Rev. John Wallis, M. A. minister of diffusive learning, an accurate judgment Ashford, in Kent, and was born in in all mathematical studies, and happy November, 1616: his father dying when and successful to admiration in decypher. he was young, he was indebted for his ing the most difficult and intricate eclucatiou to the care and kindness of writings; which was indeed bis peculiar his inother, who sent him to school, honour, and affords the greatest instance first to Tenterden, in his native county, ever known of the force and penetration and afterwards to Felsted, in Essex, of the human understanding." I shall where he became pretty well acquainted here give the reader the doctor's own with the Latin and Greek languages, account of the first outset of this busiand also obtaired some knowledge of ness. About the beginning of our Hebrew. Being at home during the civil wars, a chaplain of Sir William Christinas vacation, he learnt from a Waller showed me, as a curiosity, an younger brother the first rules of intercepted letter written in cypher, (and common arithmetic, which was his ini- it was indeed the first thing I had ever tiation into mathematics, and all the seen of the kind); and asked me, beteaching he had; but he afterwards pro- tween jest and earnest, if I could make secuted it as a pleasing diversion at any think of it? and was surprised, ivhen spare bours, for mathematics were not I told him, perhaps I night. It was at that time looked upon as academical about ten o'clock when we rose' froin learning. In the year 1632, he was supper; and I withdrew to my chamber sent to the university of Cambridge, and to consider of it. By the number of there adınitted in Emanuel college, different characters in it, I judged it under the tuition of Mr. Anthony Bure could be no more than a new alphabet; gess, a pious, learned, and able scholar, and before I went to bed I found it out; a good disputant, an eminent preacher, which was my first attempt upon decyand afterwards minister of Sution-Cole phering: and I was soon pressed to field, in Warwickshire. Dr. Wallis attempt one of a different character, proceeded Bachelor of Arts in 1637, consisting of numerical figures, extending and Master of Arts in 1610: he entered to four or five hundred numbers, with into orders, and was ordained by bishop other characters intermixed, which was Curle; and lived about a year as chaplain a letter from Secretary Windebank, in the house of Sir Richard. Darby, at (then in France,) to his son in England; Buttercrum, in Yorkshire; and two and was a cypher hard enough, not unyears with the Lady Vere, (widow of the becoming a secretary of state. And Lord Horatio Vere.) He was afierwards when, upon importunity, I had taken a fellow of Queen's college, Cambridge, great deal of pains with it without sucbut quitted his fellowship on his marriage cess, I threw it by; but after some time in 1644. About this time he was also I resumed it again, and had the good hap appointed one of the secretaries to the to master it. Assembly of Divinies at Westminster; Being encouraged by this success and during his attendance on the assem- beyond expectation, I have ventured bly, he was a minister in London, first upon many others, and seldom failed of in Fenchurch-street, and afterwards in any that I have attempted for many Ironmonger-lane, where he continued years; though of late the French methods till his removal to Oxford. There the of cyphers are grown so extremely intridoctor prosecuted his studies; vill he at cate, that I have been obliged to quit bength attained to such proficiency, as to many of them, without having patience be reputed one of the first mathematici- to go through'with them." The following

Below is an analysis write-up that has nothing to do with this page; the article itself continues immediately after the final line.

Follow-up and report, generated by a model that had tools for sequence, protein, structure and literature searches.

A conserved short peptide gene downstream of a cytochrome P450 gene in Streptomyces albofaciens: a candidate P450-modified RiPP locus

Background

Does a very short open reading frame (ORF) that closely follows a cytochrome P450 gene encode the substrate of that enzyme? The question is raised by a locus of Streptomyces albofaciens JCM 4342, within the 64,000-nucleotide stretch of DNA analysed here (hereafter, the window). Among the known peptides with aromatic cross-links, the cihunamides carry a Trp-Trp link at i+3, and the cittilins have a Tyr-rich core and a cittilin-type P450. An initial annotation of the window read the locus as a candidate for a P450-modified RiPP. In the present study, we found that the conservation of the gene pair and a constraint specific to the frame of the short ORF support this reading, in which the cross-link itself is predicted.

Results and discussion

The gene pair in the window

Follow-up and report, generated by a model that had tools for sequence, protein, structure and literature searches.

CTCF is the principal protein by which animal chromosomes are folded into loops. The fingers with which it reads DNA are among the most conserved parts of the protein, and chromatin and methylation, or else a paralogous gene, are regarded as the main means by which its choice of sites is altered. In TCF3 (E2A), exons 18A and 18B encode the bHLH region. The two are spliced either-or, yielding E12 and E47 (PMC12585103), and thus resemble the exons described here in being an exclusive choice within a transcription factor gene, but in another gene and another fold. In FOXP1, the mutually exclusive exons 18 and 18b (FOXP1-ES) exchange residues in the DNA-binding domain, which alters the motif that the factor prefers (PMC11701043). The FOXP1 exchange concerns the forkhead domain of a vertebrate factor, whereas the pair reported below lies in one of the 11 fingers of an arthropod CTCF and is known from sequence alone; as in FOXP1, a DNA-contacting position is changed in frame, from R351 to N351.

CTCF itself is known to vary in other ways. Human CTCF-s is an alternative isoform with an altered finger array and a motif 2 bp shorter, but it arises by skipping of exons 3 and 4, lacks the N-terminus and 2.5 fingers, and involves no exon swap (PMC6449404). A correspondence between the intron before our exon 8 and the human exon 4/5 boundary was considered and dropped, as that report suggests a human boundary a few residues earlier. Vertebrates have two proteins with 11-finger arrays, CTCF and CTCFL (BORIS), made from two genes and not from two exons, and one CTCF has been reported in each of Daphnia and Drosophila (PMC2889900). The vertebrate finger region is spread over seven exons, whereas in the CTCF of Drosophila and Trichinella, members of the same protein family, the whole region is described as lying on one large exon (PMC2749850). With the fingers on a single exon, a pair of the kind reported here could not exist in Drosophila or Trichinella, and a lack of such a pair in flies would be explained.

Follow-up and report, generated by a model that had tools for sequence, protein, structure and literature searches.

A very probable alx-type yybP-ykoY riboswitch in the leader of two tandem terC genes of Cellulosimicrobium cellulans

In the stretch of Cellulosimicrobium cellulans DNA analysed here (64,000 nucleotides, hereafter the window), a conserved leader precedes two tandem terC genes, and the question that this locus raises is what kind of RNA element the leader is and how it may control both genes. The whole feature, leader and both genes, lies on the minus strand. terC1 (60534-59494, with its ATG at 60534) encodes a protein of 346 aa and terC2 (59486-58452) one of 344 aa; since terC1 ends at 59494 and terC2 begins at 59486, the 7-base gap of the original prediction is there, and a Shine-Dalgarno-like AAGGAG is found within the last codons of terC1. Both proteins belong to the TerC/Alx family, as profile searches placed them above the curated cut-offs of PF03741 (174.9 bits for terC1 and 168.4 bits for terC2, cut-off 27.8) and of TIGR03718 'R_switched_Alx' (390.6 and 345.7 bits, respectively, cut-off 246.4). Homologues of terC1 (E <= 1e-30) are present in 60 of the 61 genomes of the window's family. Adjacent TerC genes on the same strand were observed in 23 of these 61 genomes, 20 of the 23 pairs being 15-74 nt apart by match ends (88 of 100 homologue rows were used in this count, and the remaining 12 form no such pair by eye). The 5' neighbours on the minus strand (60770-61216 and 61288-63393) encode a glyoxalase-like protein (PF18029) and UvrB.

extracts from the copies of liis letters In a letter to a friend, he says: “It is are a convincing proof of bis labour and "true, I bave had all along a great niany success in it; and that he never gave up a good words; that he is my humble ser. Cypher while he had wie least hope of vant-my